MINNEAPOLIS — After reporting a 7.2% decline in first-quarter comparable-store sales and a 40.7% decline in net income, analysts last week questioned the ability of Supervalu to rebuild momentum this year.
“We remain skeptical on Supervalu's ability to recapture share and resonate with the consumer,” said Karen Short, a New York-based analyst with BMO Capital Markets. She cited the deteriorating traffic patterns — customer counts were down 3% in last year's fourth quarter, followed by a 3.5% decline in this year's first quarter, which ended June 19.
Deborah Weinswig, an analyst at Citigroup, said, “We remain concerned about Supervalu's ability to compete in a highly competitive food retail pricing environment.”
Supervalu itself reduced its sales guidance for the year by $1 billion, to $38 billion, and dropped its projections for identical-store sales to -5%, from previous guidance of -2%, although it maintained earnings guidance of $1.75 to $1.95 per share.
In a conference call discussing the results and projections, Craig Herkert, president and chief executive officer, told analysts the company is optimistic that initiatives already in place and some yet to come will put the company back on the road to positive financial results.
Herkert said his confidence comes from the management team Supervalu is building, which he said is “coming together in a nice way where we can leverage all the programs we've talked about to improve our value proposition and communicate that to our consumers.
“So I do feel good about the prospects for improving our performance in the latter part of the year, and I think that's indicated by our same-store sales guidance for the full year, compared to where we are right now.”
When an analyst on the call pointed out that same-store sales for the past two years are down 10% — “which is a pretty big market-share loss,” the analyst noted — and asked at what point Supervalu would address pricing more aggressively, Herkert replied, “We are being as aggressive as I think we should be. We're focusing our initiatives on improving our overall proposition to our customers, which includes price. We know definitely if we do just price and don't make sure we've got a lot of things working in coordination, it doesn't necessarily change our trajectory.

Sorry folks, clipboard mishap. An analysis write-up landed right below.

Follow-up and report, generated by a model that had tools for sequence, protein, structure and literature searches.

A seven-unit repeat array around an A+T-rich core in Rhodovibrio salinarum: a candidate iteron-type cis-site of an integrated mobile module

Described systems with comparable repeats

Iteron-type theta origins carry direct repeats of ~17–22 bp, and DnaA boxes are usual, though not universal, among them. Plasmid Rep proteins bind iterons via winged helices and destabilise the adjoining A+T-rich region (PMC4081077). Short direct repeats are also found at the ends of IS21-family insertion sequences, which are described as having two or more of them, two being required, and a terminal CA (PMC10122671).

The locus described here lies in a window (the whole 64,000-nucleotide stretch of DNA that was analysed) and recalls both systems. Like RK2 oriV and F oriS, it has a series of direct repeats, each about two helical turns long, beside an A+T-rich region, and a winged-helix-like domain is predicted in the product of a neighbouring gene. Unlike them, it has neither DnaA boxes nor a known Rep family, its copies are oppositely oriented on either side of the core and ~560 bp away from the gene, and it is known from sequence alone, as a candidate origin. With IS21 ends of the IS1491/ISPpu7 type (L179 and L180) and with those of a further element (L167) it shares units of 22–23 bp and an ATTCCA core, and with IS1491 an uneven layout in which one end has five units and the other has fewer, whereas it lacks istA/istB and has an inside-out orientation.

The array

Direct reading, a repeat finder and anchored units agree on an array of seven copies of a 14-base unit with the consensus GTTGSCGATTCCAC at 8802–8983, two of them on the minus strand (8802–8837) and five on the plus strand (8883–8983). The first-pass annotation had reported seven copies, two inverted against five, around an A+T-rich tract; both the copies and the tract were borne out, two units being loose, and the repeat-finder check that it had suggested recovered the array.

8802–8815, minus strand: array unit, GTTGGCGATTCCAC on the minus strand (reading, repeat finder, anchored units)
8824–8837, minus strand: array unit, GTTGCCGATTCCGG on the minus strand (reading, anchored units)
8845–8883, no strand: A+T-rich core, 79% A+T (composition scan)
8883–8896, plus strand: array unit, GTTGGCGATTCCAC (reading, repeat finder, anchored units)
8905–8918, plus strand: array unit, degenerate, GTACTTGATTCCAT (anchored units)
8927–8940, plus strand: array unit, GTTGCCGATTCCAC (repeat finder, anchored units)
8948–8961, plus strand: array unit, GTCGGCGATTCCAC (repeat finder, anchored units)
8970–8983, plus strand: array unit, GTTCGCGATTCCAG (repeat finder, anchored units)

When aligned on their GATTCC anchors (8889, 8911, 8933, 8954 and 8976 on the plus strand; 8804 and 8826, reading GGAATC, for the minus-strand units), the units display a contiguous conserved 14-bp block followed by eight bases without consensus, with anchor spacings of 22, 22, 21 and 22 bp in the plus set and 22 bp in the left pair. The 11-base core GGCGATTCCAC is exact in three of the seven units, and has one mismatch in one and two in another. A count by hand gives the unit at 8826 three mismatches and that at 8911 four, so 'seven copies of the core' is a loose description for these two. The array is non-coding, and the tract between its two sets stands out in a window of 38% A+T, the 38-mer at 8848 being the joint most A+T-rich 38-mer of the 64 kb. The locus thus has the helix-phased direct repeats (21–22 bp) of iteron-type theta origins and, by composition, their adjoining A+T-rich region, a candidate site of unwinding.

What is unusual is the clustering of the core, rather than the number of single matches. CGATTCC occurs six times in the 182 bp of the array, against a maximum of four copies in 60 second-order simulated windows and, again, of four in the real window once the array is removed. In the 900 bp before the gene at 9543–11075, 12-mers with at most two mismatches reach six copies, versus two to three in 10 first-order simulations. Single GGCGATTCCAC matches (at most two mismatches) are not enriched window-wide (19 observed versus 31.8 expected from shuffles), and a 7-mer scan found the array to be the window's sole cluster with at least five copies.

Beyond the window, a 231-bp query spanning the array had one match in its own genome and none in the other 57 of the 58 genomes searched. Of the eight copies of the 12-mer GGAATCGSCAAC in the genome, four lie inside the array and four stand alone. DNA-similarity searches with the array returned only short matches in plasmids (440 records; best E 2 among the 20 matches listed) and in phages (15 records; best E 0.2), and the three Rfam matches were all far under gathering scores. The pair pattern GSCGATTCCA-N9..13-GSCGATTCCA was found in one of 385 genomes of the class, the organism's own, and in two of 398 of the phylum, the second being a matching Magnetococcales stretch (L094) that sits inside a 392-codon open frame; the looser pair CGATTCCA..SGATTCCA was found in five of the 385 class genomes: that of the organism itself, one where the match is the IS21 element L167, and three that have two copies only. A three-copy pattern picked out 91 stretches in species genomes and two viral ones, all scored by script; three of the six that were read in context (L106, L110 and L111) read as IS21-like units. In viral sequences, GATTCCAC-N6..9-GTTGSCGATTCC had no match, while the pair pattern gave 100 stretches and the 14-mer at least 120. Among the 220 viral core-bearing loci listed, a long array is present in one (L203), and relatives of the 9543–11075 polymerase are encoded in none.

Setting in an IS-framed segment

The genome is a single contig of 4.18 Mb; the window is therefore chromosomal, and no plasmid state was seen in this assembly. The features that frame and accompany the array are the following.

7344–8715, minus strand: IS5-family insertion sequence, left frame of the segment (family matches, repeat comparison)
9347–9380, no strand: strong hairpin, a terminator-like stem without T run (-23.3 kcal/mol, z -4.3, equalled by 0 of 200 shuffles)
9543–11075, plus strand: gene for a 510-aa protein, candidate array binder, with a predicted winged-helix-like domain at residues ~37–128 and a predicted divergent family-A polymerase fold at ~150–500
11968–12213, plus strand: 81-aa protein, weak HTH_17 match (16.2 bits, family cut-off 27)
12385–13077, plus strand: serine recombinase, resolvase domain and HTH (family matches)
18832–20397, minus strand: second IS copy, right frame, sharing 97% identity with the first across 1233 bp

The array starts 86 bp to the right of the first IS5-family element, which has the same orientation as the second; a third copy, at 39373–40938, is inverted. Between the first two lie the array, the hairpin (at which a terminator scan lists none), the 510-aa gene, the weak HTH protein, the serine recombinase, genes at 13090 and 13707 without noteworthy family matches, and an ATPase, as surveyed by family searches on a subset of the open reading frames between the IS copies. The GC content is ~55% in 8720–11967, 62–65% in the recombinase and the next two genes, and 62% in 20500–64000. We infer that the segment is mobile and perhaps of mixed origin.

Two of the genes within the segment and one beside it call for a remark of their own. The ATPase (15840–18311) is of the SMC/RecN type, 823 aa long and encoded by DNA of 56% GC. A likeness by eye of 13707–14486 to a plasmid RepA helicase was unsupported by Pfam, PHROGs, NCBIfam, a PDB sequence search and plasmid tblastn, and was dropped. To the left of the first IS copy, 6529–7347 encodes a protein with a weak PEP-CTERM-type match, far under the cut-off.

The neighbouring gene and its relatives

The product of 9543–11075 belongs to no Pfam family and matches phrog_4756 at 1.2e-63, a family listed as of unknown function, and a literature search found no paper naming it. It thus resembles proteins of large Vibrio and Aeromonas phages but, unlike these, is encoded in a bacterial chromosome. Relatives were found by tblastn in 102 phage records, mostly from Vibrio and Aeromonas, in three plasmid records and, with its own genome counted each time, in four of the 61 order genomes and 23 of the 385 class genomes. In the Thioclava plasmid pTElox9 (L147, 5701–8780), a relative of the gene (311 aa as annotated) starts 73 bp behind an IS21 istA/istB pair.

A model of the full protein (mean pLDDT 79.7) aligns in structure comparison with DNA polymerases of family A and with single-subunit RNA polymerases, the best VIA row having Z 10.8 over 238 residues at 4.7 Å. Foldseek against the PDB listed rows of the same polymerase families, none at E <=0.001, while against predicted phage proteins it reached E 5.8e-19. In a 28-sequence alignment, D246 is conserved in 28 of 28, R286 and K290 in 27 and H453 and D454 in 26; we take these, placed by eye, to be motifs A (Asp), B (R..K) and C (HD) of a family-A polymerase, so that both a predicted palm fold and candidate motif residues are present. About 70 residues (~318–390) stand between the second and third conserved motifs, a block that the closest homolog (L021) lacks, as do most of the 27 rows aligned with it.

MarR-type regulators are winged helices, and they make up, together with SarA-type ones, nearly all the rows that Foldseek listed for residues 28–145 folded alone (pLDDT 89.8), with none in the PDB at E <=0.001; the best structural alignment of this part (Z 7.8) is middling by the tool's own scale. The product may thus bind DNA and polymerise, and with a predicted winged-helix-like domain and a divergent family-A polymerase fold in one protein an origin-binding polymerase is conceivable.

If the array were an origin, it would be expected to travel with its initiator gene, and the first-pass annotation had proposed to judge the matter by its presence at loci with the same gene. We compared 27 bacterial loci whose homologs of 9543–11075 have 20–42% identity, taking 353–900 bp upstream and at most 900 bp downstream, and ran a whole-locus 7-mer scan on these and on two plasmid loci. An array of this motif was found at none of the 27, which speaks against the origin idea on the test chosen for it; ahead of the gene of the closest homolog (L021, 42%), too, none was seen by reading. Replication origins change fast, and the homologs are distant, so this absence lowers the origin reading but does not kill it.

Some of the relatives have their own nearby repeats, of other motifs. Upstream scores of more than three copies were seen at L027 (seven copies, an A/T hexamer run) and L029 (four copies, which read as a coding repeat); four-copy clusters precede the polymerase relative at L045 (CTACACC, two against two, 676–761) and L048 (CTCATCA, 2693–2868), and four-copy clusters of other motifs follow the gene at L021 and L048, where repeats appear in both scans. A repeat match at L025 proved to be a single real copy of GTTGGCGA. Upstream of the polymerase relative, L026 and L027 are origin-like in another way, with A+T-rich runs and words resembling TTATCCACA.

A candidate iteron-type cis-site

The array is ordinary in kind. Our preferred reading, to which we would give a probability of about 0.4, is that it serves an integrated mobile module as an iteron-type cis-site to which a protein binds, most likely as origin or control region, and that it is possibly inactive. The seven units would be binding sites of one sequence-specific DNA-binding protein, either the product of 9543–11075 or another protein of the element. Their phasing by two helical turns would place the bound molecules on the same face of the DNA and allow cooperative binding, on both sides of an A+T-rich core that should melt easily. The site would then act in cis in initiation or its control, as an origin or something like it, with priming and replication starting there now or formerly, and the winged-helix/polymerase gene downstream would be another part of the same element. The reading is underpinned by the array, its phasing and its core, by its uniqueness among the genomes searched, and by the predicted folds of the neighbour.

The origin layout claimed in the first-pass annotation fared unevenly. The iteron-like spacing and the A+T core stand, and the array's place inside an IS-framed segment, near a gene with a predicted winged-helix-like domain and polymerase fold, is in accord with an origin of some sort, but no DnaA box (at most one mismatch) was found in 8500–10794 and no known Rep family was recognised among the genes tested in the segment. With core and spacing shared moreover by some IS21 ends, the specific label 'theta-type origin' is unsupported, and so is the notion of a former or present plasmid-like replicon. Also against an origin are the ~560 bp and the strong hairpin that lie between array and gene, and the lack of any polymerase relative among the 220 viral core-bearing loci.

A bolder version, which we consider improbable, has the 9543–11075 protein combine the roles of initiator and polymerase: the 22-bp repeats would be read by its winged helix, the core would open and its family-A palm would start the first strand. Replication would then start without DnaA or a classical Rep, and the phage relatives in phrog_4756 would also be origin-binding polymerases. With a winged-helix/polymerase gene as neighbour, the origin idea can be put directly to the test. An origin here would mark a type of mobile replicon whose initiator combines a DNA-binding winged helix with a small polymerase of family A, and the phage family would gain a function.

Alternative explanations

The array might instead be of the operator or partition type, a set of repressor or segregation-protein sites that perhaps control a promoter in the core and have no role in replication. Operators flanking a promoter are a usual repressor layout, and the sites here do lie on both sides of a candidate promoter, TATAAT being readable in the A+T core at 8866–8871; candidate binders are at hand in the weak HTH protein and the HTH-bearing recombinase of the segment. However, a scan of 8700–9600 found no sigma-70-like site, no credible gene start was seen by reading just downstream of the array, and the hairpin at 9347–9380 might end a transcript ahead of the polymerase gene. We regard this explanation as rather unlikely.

“So we continue to focus on our fresh proposition, which is something we're really proud of, and we want to continue to improve that and communicate that to our consumers.”
One analyst asked whether, if negative comps continue, there is some point at which the level of supplier support might waver. According to Herkert, “Suppliers are increasingly happy with what we're doing, and my sense from talking to them is they're with us and they love the fact we're beginning to demonstrate we can move real tonnage here.”
Asked whether Supervalu is considering disposing of any groups of stores or a whole division, Herkert replied, “This company will always look at what markets we should be in, where we should be investing, where we should be divesting. And so as we do very extensive sub-market reviews, we may or may not continue look at optimizing our store network either on the growth or divestiture side.”
Total sales in the first quarter dropped 9.2% to $11.5 billion, reflecting both the 7.2 % same-store sales decline and the disposition of several stores. Supervalu said the identical-store sales decline would have been 6.5% without the labor dispute at Shaw's.
Short calculated that Shaw's same-store sales must have been down by about 11% in the quarter to have that impact on the total.
The company said net income for the quarter — down 40.7% to $67 million, or 31 cents per share — was impacted 5 cents per share by the Shaw's dispute; 7 cents per share from its exits from Salt Lake City and parts of Connecticut and Cincinnati; and the transition of Target stores to self-distribution.
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